Gambill v. Stroud

258 Ark. 766

 

RULE:

Under the “locality rule,” an expert testifying in a medical malpractice case should be familiar with the standards of practice in a locality similar to that where the malpractice allegedly occurred. This rule is not so restrictive as to require the expert to have practiced in that locality; it is simply a rule that is in place to set the minimum level of reasonable care of a profession.

FACTS:

The plaintiff sued for damages resulting from medical malpractice during a surgery to remove a thyroid cyst. At trial, five medical experts testified for the plaintiff to provide evidence in support of her claims that the doctor was negligent during the surgery. All five of the experts who testified were doctors with relevant practical experience; three of the doctors were from Jonesboro, one was from Memphis, and another was from Little Rock. The surgery took place in Jonesboro. All five of the experts testified that they were familiar with the standards of practice in the Jonesboro community.

ISSUE:

Should an expert testifying in a medical malpractice case be familiar with the standards of practice in a locality similar to where the malpractice occurred?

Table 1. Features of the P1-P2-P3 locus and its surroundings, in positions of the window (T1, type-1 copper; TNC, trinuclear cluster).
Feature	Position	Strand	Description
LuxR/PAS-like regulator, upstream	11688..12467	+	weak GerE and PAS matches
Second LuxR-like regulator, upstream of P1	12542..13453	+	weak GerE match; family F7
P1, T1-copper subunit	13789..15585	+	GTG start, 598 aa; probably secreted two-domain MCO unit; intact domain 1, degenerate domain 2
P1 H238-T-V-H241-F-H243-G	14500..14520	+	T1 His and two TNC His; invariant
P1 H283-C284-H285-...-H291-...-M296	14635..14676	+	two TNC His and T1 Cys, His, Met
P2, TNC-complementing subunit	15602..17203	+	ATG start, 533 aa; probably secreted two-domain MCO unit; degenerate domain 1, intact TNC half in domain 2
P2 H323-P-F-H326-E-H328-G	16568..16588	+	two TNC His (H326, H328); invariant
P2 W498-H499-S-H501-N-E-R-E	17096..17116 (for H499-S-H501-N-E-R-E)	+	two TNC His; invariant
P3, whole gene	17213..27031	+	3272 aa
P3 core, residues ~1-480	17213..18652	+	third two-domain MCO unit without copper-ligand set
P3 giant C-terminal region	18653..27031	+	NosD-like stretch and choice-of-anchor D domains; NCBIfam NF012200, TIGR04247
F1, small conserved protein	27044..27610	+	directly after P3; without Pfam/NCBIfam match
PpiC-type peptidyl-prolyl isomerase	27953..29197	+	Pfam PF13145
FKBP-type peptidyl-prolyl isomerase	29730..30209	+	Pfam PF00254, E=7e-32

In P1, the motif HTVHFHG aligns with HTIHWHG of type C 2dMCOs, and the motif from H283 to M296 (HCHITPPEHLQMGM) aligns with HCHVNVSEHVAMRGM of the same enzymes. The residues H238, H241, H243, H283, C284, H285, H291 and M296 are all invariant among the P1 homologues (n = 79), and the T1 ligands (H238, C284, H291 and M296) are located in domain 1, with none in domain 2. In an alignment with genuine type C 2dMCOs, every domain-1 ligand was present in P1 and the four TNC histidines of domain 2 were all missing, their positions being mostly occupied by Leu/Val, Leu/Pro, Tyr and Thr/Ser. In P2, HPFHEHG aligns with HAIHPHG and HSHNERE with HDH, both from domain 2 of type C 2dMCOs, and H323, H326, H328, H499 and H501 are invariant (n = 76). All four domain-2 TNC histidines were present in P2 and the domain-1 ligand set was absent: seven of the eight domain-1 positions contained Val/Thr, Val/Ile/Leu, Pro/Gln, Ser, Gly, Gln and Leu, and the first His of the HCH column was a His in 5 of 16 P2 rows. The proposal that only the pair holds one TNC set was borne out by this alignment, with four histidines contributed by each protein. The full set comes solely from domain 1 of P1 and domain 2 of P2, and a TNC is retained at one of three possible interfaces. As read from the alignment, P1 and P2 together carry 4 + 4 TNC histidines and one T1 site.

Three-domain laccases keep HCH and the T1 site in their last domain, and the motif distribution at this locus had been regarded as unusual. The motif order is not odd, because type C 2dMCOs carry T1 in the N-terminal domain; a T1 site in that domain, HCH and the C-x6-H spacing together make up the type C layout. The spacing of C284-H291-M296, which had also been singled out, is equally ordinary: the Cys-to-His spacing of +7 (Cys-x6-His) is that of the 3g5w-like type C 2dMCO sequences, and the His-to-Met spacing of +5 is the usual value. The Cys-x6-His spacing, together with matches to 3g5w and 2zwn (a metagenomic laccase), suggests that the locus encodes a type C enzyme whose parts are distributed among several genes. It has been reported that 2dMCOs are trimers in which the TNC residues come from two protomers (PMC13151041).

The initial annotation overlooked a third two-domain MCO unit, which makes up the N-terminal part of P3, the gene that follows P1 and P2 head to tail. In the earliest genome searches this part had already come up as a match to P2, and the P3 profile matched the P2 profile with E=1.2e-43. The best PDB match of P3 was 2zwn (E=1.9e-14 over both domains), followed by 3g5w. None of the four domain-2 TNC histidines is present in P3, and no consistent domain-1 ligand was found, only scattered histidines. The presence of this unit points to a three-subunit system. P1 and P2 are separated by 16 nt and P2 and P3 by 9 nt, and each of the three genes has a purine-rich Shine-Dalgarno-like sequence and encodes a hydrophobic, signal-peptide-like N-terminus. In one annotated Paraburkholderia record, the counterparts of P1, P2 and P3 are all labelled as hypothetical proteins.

ANSWER:

Yes.

CONCLUSION:

On appeal, the court considered whether the “locality rule” is obsolete and concluded that it is not. The locality rule merely requires an expert who is testifying in a medical malpractice case to be familiar with the standards of practice in a similar locality. The rule is not so restrictive as to require the expert to have practiced in the same city. In this case, it was uncontroverted that the medical standards of practice in Jonesboro, Memphis, and Little Rock are comparable. Ultimately, the locality rule is in place to set the minimum level of reasonable care required by a professional, so it is not obsolete.

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